What do women need now?

PARIS — The fall 2022 ready-to-wear fashion shows ended on International Women’s Day; a helpful reminder, really, of what it’s ultimately about. Even considering everything that’s going on. Perhaps especially given all that is going on.

Still, it was a strangely non-committal season. It’s easy to chalk this up to geopolitics, and the crisis and trauma that hit just as the blackout mandates were being lifted, hammering away at any budding sense of freedom. But aside from a few notable outliers — the Bottega Veneta reset, Rick Owens’ alien priestesses, Balenciaga’s unwavering storm — the momentum that characterized fashion last fall was missing. So has much of the conversation about inclusivity.

Catwalks can be vastly diverse with respect to race and gender (indeed, even calling these “women’s shows” is specious, as increasingly gender binaries no longer apply to fashion, and catwalks unisex or flowing clothing is the norm), but with respect to height, age, and ability, except for a few token appearances, the bodies on display were uniformly lean and tall (male and female); unlined faces.

What do women need now? Not that.

The biggest trends were opera gloves and extra long sleeves (hiding hands seems to be a theme), thigh high boots, backpacks and big shoulders, and statements about peace and love. The 1990s and 2000s were still recycled. There were often Beatles songs on the soundtracks. The most excitement was generated by Rihanna’s stomach.

It’s as if progress of all kinds has been frozen.

Even Miu Miu, where last season Miuccia Prada managed to encapsulate both the tensions around returning to the office and Britney’s late ’90s revisionism with a cropped sweater and low-rise mini set that became a viral hit (and ended up on more magazine covers than any other single outfit), this season featured… more of the same.

Although with a sporty rather than white-collar vibe, cropped polo shirts in white or navy blue came over tiny pleated tennis skirts – often worn so low on the hips that the pastel silk waistband of some undergarments from the Miu Miu brand has taken a look, a lingerie take on the often-exposed tight whites. Think “Euphoria” goes to the country club.

It worked so well the first time that you can understand the temptation to continue the story. And Ms. Prada included guys this time, in the same clothes as the girls, not to mention very cropped tweed shorts, paired with very large tweed blazers, as well as biker leathers and cropped motorcycle jackets. Also evening dresses in transparent golden lace or woven crystal, through which, again, the silk underwear was visible. (Could there be a brand new brand extension coming soon?)

The point being, she said in an email, that “femininity” is simply “a state of mind, free from gender binaries and expressed by embracing a range of different identities.”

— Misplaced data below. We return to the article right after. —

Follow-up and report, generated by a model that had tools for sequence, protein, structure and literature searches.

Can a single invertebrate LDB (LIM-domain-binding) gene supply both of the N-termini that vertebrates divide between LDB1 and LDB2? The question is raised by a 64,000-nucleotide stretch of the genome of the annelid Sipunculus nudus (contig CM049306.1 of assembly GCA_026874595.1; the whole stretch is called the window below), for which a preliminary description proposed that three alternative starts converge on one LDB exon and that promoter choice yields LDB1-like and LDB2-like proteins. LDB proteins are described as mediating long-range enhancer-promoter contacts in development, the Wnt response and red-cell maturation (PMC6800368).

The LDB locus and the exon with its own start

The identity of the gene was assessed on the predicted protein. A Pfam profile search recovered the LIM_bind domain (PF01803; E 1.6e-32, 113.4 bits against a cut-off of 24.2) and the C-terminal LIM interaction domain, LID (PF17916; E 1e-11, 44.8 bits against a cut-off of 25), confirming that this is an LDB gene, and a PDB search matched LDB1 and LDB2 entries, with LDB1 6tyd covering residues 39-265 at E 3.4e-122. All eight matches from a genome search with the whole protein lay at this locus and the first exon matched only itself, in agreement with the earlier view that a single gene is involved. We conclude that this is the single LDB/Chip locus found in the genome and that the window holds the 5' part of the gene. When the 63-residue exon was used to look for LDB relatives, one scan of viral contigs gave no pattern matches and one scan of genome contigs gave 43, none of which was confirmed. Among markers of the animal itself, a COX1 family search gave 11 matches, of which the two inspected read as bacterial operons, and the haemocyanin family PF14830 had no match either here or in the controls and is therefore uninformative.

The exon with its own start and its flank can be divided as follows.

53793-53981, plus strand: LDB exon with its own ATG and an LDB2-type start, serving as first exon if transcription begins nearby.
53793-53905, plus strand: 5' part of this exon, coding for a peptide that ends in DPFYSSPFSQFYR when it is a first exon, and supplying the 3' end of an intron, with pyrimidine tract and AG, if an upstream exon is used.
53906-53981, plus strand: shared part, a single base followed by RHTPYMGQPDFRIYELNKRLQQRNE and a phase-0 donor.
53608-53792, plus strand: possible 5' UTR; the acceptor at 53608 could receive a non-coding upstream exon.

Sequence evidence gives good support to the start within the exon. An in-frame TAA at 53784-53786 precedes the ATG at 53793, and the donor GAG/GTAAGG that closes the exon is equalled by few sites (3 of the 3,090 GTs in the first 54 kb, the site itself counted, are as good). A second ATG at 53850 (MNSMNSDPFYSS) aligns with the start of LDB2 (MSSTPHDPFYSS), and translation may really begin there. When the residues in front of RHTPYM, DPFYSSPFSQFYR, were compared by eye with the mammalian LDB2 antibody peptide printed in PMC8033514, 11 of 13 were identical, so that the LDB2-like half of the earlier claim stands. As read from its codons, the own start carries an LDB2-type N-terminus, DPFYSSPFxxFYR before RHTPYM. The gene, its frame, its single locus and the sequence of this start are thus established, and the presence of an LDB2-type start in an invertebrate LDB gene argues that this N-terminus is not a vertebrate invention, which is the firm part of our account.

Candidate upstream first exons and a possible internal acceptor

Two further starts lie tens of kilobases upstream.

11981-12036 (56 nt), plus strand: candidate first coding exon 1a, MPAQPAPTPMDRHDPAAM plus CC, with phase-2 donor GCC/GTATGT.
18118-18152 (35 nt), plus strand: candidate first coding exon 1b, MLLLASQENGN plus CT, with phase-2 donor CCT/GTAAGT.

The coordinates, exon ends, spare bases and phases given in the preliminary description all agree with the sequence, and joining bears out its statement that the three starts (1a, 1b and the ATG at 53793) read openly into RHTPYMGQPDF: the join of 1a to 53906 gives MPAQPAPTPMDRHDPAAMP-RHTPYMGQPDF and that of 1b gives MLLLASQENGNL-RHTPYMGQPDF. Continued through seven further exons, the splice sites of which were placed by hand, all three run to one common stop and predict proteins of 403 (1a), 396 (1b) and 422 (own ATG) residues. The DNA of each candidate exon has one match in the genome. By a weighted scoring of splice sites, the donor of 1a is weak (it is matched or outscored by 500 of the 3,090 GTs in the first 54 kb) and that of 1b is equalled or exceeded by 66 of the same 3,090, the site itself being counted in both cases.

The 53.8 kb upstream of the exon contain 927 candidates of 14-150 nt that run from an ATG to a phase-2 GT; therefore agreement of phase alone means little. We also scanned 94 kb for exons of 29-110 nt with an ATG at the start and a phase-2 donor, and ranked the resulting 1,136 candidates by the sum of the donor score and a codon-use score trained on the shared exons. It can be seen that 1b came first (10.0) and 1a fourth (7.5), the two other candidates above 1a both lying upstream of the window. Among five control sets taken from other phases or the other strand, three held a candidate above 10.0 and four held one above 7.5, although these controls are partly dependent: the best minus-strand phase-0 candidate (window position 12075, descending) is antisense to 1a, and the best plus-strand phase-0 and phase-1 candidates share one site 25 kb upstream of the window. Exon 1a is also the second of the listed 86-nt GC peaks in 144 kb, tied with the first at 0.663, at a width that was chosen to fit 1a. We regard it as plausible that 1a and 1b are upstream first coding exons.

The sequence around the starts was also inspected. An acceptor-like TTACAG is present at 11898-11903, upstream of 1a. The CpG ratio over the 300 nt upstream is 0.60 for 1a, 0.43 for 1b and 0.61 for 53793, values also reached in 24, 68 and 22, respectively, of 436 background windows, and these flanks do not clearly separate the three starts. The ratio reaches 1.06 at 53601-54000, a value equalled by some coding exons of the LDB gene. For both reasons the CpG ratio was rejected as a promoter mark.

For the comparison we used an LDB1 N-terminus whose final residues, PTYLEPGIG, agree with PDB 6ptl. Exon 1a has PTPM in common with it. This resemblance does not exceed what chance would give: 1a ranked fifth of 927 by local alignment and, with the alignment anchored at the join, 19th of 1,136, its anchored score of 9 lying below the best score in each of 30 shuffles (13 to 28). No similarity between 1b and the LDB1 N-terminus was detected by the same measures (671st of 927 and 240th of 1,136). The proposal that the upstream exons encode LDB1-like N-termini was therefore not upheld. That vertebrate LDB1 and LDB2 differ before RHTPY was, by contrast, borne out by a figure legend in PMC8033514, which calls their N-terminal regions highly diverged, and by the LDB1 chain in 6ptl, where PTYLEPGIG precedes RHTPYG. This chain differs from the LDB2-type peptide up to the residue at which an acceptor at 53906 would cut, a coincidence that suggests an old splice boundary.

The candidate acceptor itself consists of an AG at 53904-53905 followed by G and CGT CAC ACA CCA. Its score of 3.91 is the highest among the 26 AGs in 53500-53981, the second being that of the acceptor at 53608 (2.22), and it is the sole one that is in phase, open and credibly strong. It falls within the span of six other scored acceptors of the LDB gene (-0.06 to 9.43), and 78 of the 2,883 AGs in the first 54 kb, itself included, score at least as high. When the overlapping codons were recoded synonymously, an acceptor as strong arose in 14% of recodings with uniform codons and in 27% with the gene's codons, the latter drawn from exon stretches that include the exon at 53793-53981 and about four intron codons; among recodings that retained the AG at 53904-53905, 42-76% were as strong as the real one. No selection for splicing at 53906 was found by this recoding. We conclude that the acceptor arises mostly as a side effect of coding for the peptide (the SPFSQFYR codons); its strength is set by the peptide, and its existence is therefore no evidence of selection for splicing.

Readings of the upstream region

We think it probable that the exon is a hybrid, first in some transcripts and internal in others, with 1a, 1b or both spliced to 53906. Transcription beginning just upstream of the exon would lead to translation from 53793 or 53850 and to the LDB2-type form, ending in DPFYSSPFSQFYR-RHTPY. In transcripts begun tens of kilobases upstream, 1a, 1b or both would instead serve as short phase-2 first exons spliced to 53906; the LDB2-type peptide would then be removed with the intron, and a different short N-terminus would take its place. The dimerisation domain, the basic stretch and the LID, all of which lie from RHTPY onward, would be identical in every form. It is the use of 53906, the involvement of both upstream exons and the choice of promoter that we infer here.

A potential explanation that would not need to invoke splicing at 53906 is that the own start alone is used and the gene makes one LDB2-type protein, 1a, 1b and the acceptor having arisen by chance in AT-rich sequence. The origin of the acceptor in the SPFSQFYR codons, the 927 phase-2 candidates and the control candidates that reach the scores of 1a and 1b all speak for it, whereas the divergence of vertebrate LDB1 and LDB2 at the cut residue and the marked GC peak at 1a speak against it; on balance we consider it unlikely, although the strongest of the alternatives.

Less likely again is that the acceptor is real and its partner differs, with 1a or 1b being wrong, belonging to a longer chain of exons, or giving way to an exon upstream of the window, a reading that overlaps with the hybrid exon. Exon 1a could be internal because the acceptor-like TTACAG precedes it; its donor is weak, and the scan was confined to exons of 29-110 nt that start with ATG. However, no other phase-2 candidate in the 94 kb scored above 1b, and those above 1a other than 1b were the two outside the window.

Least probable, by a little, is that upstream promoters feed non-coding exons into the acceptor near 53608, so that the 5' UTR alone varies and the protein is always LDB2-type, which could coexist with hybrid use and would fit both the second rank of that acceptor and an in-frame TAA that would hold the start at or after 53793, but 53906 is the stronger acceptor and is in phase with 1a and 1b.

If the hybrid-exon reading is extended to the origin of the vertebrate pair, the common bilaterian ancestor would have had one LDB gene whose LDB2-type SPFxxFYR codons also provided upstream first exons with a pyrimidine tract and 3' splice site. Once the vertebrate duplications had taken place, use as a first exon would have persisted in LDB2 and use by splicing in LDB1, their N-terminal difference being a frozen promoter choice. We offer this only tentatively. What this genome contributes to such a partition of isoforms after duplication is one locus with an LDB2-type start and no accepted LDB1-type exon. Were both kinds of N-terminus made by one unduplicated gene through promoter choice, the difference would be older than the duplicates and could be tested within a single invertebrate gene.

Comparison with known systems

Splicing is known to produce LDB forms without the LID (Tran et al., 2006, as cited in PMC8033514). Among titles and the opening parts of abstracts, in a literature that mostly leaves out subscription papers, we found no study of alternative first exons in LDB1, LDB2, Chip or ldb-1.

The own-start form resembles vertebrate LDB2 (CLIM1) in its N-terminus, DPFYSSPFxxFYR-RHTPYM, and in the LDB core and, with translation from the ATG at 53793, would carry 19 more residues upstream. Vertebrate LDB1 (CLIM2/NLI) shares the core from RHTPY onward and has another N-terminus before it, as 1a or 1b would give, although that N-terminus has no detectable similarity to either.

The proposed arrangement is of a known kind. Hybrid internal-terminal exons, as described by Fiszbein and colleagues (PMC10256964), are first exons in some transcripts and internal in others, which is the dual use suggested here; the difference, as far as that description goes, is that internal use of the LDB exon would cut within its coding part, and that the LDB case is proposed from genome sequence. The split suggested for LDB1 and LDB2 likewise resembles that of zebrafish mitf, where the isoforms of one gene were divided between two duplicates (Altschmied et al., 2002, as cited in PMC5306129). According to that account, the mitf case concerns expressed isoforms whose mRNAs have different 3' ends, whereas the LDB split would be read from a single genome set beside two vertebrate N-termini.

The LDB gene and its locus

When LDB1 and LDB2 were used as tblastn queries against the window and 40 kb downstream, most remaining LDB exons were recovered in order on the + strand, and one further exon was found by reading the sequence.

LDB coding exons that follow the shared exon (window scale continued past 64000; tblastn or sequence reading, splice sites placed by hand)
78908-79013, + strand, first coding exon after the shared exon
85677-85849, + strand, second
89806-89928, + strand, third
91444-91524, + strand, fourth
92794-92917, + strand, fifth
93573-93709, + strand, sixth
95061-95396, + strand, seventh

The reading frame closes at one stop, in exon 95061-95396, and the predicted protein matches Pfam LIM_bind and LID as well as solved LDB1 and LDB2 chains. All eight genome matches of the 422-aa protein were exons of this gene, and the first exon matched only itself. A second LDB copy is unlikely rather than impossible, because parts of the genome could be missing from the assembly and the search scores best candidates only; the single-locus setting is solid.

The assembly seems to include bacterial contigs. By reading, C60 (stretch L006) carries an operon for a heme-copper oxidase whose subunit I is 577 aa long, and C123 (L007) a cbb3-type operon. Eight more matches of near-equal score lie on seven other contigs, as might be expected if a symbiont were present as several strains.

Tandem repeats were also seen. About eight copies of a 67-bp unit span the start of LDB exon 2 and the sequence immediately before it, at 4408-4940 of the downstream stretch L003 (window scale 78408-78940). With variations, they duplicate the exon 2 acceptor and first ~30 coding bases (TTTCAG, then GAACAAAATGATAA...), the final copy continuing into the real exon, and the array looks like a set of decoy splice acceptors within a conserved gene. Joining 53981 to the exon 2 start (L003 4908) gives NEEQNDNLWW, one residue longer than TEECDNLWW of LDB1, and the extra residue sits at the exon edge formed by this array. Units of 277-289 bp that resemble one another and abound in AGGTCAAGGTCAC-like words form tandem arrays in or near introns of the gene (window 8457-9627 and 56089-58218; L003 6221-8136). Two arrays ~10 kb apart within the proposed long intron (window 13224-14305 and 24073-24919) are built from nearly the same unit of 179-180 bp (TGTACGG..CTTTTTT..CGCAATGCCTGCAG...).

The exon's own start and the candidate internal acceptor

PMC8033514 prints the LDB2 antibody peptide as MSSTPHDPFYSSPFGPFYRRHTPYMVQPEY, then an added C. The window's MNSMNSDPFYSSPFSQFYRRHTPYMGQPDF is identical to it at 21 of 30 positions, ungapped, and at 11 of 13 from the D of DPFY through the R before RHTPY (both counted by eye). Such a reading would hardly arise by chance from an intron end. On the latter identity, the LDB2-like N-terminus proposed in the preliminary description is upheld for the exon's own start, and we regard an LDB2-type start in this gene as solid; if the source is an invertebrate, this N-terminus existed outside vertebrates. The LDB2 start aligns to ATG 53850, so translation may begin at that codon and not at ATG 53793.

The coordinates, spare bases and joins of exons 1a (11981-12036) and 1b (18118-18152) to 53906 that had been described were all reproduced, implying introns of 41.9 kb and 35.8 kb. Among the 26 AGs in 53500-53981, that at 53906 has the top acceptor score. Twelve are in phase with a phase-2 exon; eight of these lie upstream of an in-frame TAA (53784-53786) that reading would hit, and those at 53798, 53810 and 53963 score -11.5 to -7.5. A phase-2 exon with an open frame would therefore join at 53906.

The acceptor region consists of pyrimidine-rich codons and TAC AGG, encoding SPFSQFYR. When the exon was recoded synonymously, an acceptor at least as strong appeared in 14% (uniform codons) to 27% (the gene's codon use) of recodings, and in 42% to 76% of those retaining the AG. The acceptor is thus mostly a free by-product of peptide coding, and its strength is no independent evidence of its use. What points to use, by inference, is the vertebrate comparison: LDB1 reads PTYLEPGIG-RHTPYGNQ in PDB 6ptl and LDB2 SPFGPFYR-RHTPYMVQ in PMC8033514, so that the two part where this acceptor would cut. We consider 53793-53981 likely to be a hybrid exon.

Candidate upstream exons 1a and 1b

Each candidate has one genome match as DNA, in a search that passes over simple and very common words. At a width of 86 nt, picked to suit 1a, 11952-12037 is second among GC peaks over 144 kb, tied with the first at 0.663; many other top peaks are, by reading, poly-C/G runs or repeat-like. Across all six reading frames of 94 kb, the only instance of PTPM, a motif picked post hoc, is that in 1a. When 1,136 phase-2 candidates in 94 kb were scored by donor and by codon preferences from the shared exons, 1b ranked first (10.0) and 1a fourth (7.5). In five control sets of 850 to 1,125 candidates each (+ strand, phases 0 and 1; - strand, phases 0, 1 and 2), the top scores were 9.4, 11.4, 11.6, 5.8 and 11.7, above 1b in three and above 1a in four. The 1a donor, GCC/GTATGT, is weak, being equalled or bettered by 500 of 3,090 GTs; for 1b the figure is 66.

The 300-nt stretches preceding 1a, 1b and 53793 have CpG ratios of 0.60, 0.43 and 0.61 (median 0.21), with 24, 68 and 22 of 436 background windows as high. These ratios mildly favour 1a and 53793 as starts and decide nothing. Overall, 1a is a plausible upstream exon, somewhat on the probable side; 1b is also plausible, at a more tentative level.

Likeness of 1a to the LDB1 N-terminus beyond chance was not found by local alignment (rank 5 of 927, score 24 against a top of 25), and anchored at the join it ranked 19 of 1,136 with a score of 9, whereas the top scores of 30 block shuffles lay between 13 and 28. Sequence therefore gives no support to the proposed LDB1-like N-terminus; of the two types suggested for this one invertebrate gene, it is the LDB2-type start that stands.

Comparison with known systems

Anyone can wear a cropped top and bottom! Although on the trail, all of these people were still quite young and skinny.

Like earlier in the day, at Chanel, in Virginie Viard’s tweedapalooza. Held in an expansive performance space carpeted floor to ceiling in tweed, on a tweed-paved runway, Madame Viard offered a classic tweed wardrobe in many colors. Knee-length tweed skirt suits and thigh-length tweed short suits. Hunting tweed, boyfriend tweed (the show notes referenced Gabrielle Chanel’s affair with the Duke of Westminster and her time in Scotland) and party tweed. Tweed paired with rubber boots and tweedy knit knee high socks. Beaded tweed slip dress.

The tweed which, despite all its variations and chanelisms, still managed to look mostly matronly; stuck in the mud by the River Tay.

That’s why Comme des Garçons’ video of Rei Kawakubo, who showed her collection remotely from Japan due to Covid protocols, was so striking.

Titled “Black Rose”, which Ms Kawakubo said represented “courage, resistance and freedom”, it began with a light in total darkness and the accents of the Irish resistance song, “Róisín Dubh”. .

A woman emerged in a black single-breasted jacket over a bulbous skirt with the midsection cut out to reveal the innards of rough gray-spotted insulating material that swayed as she walked. The same fabric overflowing with a long black cutaway, visible and split seams; has been transformed into an abstract bolero atop black cobweb lace; and spliced ​​with zebra stripes, old damask and brocade.

Later, a grayish fabric that looked like an abandoned honeycomb was molded into a short, rounded jacket and court skirt. There was tulle the color and shape of storm clouds, suggestions of corsetry and crinolines. Atop their heads, the models wore towering patchwork confections, by set designer and artist Gary Card, like fall crowns. They looked like ghosts of past beauty.

It was beautiful and haunting: a hymn to loss and proof that grace can be wrought from the detritus that remains.

Another useful reminder, in the future.


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